"I have had some of the most intimate moments of my life with Madiba (Nelson Mandela). There is a sincerity and openness about him that affected millions. Our relationship was incredible. It grew enormously after 1995.
"That was the start of the journey, not the end. He was a special, special person. I wish I had the words now to give a fitting tribute but I can't find them, I just can't." (F Pienaar)
Jacobus François Pienaar (b.January 2, 1967), is one of the most famous South Africans ever, as well as one of the most successful Springbok rugby captains of all time. He made his first-class rugby debut for Transvaal in 1989, going on to win 100 caps for the province, 89 of them as captain. Pienaar was among the great modern captains because he was both charismatic and filled with almost zealous self-belief; he led by example and won utmost respect on and off the field of play. An incredibly committed player, brave to the point of recklessness, Pienaar seemed to consider there was no ball that he could not make his own
A born leader, he was appointed captain for his first international appearance and he maintained this role in all of the 29 games played for his country.
With Pienaar at the helm, the Springboks enjoyed 15 successive Test victories between 1994 - 1995, and he is widely recognised as one of the most inspirational captains in the history of the game.
During 1995, he was awarded Rugby Personality of the Year in Britain, whilst South Africa named him Newsmaker of the Year. Nine years later, his home country would also vote him 50th in a poll naming the top 100 South Africans.
Jacobus Francois Pienaar was born into a working class Afrikaner family in Vereeniging in Gauteng, South Africa on 2 January 1969.Francois Pienaar was the eldest of four boys
Demonstrating natural leadership skills and a keen enthusiasm for a variety of sports, he was awarded an athletics scholarship at the Rand Afrikaner University in Johannesberg, where he undertook a Law degree upon completion of schooling.
It was rugby which really captured his attention though and he was a regular spectator at local Transvaal rugby matches during his university years. Spending evenings watching their training sessions and learning new skills, little did he know that he would debut for the side in 1989. He would go on to make 100 appearances for Transvaal as a flanker, captaining the team on 89 occasions and enjoying victories in the Currie Cup in 1993 and 1994, the Lion Cup, the Super 10 and the Night Series.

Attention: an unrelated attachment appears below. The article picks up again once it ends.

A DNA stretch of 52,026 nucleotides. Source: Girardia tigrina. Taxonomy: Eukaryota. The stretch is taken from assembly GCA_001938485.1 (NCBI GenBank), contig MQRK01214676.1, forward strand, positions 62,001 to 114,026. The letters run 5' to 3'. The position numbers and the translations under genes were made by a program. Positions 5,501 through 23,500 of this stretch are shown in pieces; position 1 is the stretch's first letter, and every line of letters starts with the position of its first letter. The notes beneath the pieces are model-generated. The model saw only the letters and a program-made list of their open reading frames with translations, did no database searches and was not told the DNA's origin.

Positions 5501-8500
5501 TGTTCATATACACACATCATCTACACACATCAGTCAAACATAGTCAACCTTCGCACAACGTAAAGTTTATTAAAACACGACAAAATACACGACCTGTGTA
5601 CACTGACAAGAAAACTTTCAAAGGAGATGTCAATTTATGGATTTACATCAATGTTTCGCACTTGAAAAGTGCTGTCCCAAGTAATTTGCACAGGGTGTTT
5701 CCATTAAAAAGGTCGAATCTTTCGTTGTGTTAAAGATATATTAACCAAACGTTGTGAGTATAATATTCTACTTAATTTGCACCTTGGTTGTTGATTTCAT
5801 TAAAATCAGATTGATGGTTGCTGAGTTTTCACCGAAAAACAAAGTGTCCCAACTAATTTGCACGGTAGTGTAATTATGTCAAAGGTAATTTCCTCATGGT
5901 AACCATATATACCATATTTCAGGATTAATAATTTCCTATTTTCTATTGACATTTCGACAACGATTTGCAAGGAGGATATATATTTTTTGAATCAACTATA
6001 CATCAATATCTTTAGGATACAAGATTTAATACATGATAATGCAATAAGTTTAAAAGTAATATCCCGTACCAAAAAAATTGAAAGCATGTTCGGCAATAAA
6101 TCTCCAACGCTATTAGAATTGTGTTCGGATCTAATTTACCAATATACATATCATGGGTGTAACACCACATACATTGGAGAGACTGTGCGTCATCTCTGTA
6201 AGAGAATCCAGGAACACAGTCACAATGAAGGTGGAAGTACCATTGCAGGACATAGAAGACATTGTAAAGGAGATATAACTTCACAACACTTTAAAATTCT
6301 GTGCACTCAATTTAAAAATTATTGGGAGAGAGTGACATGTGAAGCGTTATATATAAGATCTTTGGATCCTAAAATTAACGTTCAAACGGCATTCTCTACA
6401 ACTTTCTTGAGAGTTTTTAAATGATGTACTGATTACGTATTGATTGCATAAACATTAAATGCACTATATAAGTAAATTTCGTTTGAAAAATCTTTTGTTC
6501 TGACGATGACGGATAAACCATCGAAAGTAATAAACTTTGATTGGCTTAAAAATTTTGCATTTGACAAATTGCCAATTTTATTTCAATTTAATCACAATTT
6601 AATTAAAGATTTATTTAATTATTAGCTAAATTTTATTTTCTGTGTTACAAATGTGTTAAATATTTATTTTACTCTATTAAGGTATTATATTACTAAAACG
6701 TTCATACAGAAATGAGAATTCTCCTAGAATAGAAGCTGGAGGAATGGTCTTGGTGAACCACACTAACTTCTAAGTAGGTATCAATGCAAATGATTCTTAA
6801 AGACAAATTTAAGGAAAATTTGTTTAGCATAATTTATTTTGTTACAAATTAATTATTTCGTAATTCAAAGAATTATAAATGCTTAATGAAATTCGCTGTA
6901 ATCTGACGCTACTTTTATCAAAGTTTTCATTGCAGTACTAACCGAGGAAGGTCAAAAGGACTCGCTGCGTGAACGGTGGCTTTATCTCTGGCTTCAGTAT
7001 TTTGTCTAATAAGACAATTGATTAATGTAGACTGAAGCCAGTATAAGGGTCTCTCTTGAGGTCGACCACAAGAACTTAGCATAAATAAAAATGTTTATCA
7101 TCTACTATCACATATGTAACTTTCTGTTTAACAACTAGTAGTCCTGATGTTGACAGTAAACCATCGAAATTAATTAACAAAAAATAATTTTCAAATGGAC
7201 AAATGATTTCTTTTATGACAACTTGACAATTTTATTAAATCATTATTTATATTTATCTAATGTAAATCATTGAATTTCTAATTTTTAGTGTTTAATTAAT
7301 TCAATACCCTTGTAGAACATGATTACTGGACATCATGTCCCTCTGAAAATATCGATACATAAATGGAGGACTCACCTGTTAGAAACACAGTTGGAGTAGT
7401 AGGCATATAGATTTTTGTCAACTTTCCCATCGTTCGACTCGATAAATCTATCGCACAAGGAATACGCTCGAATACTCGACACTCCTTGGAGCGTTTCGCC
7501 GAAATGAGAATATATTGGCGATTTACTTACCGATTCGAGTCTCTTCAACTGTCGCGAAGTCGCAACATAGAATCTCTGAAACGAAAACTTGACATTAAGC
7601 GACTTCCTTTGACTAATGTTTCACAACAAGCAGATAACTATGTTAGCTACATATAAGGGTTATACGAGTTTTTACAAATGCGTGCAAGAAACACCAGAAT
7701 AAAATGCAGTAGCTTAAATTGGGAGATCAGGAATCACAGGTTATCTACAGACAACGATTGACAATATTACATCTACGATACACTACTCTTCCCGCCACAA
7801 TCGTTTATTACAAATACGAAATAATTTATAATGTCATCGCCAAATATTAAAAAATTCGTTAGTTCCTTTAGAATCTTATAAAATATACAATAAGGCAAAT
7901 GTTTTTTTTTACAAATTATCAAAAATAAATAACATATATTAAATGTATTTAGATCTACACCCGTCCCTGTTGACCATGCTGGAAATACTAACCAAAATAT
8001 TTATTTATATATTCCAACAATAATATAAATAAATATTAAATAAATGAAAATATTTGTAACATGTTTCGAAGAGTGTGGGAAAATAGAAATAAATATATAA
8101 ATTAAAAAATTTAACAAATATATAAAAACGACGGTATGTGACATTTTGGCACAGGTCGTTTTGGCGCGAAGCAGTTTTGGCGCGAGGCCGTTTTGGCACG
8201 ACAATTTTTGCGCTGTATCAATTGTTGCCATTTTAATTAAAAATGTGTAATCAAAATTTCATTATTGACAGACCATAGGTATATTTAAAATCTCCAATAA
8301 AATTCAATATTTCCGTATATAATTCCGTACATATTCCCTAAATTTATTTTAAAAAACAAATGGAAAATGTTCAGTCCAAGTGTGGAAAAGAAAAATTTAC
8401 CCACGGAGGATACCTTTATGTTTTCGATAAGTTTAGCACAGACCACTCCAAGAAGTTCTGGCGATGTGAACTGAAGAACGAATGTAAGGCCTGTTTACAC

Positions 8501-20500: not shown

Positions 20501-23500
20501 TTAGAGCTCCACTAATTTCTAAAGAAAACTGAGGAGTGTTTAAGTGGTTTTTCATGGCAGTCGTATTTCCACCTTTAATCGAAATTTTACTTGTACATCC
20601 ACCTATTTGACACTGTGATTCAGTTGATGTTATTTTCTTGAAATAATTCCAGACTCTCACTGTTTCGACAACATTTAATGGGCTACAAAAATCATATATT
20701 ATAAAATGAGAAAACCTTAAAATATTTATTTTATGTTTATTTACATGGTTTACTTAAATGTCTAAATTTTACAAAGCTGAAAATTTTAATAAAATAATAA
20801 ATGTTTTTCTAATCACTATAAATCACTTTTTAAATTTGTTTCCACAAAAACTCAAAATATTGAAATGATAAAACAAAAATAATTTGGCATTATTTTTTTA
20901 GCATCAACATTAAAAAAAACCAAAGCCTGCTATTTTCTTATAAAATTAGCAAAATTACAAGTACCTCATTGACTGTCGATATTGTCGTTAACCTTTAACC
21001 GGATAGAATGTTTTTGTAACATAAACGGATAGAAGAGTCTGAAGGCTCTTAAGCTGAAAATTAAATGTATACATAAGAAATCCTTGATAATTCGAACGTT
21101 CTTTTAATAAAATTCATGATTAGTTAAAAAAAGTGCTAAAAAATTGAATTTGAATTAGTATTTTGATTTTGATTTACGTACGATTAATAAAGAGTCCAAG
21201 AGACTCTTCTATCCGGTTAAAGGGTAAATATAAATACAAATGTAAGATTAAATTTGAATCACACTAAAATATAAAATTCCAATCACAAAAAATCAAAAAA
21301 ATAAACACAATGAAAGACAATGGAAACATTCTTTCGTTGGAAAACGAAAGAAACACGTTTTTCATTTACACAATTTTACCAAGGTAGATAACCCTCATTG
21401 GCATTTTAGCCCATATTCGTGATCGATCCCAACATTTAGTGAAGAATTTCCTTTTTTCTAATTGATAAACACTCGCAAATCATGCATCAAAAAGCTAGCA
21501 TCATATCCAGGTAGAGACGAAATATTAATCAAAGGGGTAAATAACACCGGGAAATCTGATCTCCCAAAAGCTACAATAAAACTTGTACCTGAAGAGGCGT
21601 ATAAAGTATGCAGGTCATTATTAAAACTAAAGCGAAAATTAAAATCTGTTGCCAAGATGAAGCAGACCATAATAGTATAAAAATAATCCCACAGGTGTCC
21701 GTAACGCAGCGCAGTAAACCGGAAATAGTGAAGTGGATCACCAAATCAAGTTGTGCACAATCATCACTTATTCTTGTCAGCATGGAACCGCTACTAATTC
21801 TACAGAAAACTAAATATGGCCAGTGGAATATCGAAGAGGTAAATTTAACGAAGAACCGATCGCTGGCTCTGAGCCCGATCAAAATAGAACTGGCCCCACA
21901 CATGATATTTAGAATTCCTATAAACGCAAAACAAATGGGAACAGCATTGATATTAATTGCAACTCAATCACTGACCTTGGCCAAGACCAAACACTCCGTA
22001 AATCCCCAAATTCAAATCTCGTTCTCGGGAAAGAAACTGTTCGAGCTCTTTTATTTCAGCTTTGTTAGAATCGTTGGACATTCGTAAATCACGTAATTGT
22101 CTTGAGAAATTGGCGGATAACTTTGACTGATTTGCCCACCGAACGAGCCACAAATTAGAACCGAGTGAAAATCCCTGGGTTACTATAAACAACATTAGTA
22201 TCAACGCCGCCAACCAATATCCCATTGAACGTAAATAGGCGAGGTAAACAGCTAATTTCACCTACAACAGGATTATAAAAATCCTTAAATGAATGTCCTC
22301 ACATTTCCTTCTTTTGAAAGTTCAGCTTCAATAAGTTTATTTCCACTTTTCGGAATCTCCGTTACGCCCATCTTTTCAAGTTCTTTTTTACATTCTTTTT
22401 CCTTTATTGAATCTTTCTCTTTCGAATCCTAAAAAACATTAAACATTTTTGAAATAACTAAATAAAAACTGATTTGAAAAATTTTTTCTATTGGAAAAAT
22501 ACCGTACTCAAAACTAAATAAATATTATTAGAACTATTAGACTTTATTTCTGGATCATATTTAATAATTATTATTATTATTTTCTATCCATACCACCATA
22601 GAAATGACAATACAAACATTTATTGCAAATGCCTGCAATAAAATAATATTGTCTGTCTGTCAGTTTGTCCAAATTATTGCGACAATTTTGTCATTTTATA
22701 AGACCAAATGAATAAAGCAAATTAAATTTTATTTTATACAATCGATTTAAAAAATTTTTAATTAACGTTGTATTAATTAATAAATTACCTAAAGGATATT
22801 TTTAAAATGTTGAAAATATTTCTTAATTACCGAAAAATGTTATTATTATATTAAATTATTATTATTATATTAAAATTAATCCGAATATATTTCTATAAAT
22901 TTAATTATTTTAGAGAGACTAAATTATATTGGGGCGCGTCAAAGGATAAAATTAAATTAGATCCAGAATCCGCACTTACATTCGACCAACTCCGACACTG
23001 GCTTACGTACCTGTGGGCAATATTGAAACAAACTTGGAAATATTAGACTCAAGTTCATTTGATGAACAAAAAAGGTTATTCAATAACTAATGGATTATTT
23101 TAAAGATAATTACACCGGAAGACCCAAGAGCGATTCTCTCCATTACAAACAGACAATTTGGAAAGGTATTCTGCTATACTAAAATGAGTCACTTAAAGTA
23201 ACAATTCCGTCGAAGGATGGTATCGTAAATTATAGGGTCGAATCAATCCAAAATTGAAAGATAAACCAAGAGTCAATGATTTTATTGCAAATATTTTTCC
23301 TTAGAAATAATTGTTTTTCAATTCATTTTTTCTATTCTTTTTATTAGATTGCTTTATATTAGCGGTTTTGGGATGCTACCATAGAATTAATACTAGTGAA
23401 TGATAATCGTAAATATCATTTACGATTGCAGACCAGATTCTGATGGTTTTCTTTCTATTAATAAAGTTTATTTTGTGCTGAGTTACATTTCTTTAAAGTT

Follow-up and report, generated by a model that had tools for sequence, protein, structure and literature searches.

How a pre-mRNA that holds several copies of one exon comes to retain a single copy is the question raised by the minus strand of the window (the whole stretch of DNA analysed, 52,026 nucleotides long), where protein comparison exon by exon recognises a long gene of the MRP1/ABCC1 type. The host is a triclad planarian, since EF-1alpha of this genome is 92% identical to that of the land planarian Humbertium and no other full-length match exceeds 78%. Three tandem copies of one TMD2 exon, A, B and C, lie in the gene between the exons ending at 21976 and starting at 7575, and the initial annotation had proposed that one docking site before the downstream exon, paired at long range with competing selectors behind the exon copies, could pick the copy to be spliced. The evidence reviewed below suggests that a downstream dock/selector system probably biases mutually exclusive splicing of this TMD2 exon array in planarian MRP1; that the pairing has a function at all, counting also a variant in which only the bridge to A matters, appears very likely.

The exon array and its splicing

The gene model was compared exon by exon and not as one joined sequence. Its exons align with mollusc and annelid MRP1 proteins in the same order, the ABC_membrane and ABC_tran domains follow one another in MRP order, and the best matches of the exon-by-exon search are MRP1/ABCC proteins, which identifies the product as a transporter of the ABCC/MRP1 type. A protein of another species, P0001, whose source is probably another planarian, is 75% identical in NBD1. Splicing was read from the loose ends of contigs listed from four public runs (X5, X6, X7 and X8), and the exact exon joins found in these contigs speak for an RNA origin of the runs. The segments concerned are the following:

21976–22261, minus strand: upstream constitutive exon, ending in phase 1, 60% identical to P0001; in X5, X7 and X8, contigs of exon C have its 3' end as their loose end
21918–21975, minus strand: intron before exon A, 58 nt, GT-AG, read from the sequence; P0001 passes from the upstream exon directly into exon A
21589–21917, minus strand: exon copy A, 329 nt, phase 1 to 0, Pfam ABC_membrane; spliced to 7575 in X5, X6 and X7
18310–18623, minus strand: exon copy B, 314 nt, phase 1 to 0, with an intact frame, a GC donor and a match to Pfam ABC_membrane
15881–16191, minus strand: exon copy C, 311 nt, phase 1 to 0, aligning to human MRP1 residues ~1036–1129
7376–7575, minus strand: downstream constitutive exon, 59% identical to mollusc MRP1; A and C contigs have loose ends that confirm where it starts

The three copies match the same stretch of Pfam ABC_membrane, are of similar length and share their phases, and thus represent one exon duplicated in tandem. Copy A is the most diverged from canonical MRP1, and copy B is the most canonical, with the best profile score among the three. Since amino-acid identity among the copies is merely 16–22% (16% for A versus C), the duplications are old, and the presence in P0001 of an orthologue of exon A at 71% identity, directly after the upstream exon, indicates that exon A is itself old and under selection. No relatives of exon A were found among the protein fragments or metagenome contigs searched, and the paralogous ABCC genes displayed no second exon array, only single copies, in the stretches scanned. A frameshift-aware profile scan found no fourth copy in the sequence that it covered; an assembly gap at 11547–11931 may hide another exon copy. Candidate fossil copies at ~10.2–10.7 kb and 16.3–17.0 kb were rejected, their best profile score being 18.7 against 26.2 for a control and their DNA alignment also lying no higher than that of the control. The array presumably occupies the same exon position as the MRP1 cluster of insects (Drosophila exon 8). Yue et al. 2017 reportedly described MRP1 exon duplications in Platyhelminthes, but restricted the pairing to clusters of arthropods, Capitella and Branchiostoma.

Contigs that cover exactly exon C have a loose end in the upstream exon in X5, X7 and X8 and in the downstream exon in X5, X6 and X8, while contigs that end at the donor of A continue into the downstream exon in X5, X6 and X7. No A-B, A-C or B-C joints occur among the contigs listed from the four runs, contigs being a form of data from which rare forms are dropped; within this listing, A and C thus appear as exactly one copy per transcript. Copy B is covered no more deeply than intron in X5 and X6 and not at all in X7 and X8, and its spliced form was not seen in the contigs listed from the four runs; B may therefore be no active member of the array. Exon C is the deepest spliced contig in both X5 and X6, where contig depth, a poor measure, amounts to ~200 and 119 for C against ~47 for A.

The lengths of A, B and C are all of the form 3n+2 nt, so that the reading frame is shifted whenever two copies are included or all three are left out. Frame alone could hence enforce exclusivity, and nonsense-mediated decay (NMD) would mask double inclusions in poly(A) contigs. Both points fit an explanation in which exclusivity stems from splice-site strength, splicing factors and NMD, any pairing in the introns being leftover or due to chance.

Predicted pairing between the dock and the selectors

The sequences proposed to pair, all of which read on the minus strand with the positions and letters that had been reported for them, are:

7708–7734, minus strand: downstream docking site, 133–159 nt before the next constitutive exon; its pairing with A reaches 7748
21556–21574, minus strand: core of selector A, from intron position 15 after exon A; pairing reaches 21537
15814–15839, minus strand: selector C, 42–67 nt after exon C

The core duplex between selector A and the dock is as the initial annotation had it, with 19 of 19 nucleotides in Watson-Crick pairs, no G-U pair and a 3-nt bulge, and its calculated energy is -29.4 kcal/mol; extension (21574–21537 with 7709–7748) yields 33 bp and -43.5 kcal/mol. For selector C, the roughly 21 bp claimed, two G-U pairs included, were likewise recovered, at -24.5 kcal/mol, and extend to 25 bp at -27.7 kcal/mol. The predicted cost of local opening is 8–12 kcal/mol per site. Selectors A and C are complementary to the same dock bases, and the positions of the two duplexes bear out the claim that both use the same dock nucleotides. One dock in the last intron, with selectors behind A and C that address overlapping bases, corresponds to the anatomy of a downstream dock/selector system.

The South African Rugby Football Union was formed in 1992 and the team, omitting Pienaar from selection at this stage, joined their new Southern Hemisphere rivals, Australia and New Zealand, in a Test match to mark the occasion.
Pienaar was given the opportunity to represent his country in the following year and he made his first appearance for the Springboks.
Pienaar continued to impress in the national team too, with Transvaal retaining the Currie Cup in 1994 and, in 1995, the country looked forward to its first World Cup despite entering the tournament as the underdog.
Dressed in a replica of the captain’s No 6 playing shirt, Nelson Mandela presented the trophy to Pienaar on 24th June. Mandela would later become the godfather to his son.
Pienaar left the international game following comments by the then coach Andre Markgraaff, that he had faked an injury as South Africa hosted the Tri Nations. After being left out of the South African side following the controversial decision, which would later be overturned by the South African Rugby Football Union, Pienaar never played for his country again.
He moved to England shortly after, becoming a player/ coach for London club, The Saracens. Under his direction, the club enjoyed a success in the Tetley’s Bitter Cup and finished the season in second place, thus earning their qualification into the European Cup. It was an achievement that Pienaar repeated in the following two seasons, when the club finished in third and fourth places. After his success on the field, he became Chief Executive Officer of Saracens in 2001 but, after a string of defeats, left two years later.
In 2002, he returned to South Africa and later became Chief Executive Officer of the Rugby World Cup Bid Committee, hoping to bring the 2011 World Cup tournament to South Africa for the first time since their spectacular victory. The privilege was eventually awarded to New Zealand.
Pienaar remains in South Africa where he lives in Cape Town with his wife Nerin Winter and two sons. He named Nelson Mandela godfather of his twop sons (Jean & Stephane). He has co-authored an autobiography, Rainbow Warrior, with Edward Griffiths and serves as color commentator for ITV Sport during the Rugby World Cup. He is active in charity work with Sargent Cancer Care for Children and the Reach for a Dream Foundation in South Africa. In November, 2000 Pienaar was awarded an honorary doctorate degree from the University of Hertfordshire in Great Britain.
Francois Pienaar and Nelson Mandela are the subject of a 2008 book by author John Carlin entitled, Playing the Enemy: Nelson Mandela and the Game that Made a Nation that spotlights the 1995 Rugby Union World Cup during post-apartheid South Africa. The film rights were bought by American actor Morgan Freeman for the 2009 film Invictus, directed by Clint Eastwood and starring Freeman as Mandela and Matt Damon as Pienaar.